‘Unsyncable:’ New Doc on VisionTV Highlights the Healing Power of Swimming as We Age


Masters synchronized swimmer Sue Baross Nesbitt, 68, and the Unsyncables of La Mirada. Photo: Courtesy of VisionTV

Artistic swimming, formerly called synchronized swimming but renamed in 2017 — where swimmers complete choreographed routines in the pool either alone or in concert with others — gives a triple boost for aging well. It provides excellent but low-impact exercise, requires memory and lets aquanauts socialize and build rapport with like-minded others. 

That’s the unmissable takeaway from Unsyncable, an upbeat and hugely watchable documentary from Nova Scotia-based writer-director Megan Wennberg, which debuted to acclaim last spring at the Hot Docs festival and is making its world broadcast debut Oct. 9, 9 p.m. EDT/6 p.m. PDT on VisionTV.

Unsyncable follows the trajectories of six artistic (or self-described “synchro”) swimmers, aged 63 to 82, from the U.S. and Canada, five of whom venture to the U.S. Masters Artistic Swimming Championships, held last autumn in Maine.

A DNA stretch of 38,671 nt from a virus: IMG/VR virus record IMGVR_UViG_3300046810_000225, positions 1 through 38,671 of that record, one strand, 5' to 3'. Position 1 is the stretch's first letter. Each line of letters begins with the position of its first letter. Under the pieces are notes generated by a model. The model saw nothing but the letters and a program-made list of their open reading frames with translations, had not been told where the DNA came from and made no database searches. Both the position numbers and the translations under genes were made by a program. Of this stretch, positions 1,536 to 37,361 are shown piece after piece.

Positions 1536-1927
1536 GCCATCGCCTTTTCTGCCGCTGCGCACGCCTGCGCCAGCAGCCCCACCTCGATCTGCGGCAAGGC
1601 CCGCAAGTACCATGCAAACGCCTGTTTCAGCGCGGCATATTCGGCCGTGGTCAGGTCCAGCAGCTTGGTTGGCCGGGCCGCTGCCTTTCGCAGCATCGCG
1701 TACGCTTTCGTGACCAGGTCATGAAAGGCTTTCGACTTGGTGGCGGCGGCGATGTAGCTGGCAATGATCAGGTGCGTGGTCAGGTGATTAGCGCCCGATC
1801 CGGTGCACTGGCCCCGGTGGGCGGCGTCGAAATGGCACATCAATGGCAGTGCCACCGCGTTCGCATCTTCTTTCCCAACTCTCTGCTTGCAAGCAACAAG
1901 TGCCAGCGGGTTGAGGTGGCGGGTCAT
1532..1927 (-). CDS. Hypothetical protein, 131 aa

In the lead-up to the competition, we watch as these six athletes — world champion synchro legend Sue Baross Nesbitt, rookie Ellen Scott, Cris Meier-Windes of the San Francisco Tsunami LGBTQ+ team, former marine Luther Gales, and his teammates Monica Hale and Joyce Clarke of the Harlem Honeys and Bears, North America’s only all-Black artistic swimming team — overcome varying challenges to achieve personal bests and, in some cases, medals. 

While all swimmers forge important, bonding relationships along the way, the main impetus for swimming is clear: Keeping the body and the mind fit as the years advance.  

Kitchener Ont.’s Ellen Scott, now 64 and the aforementioned “rookie,” says in the film, “Synchro gave me back my self-esteem, my self-confidence, my self-everything. People look at me in the water and they go, ‘Wow, that’s amazing!’ I don’t have to tell them that my knee aches and my neck aches,” she howls, “or that I need special shoes to walk to the bus.”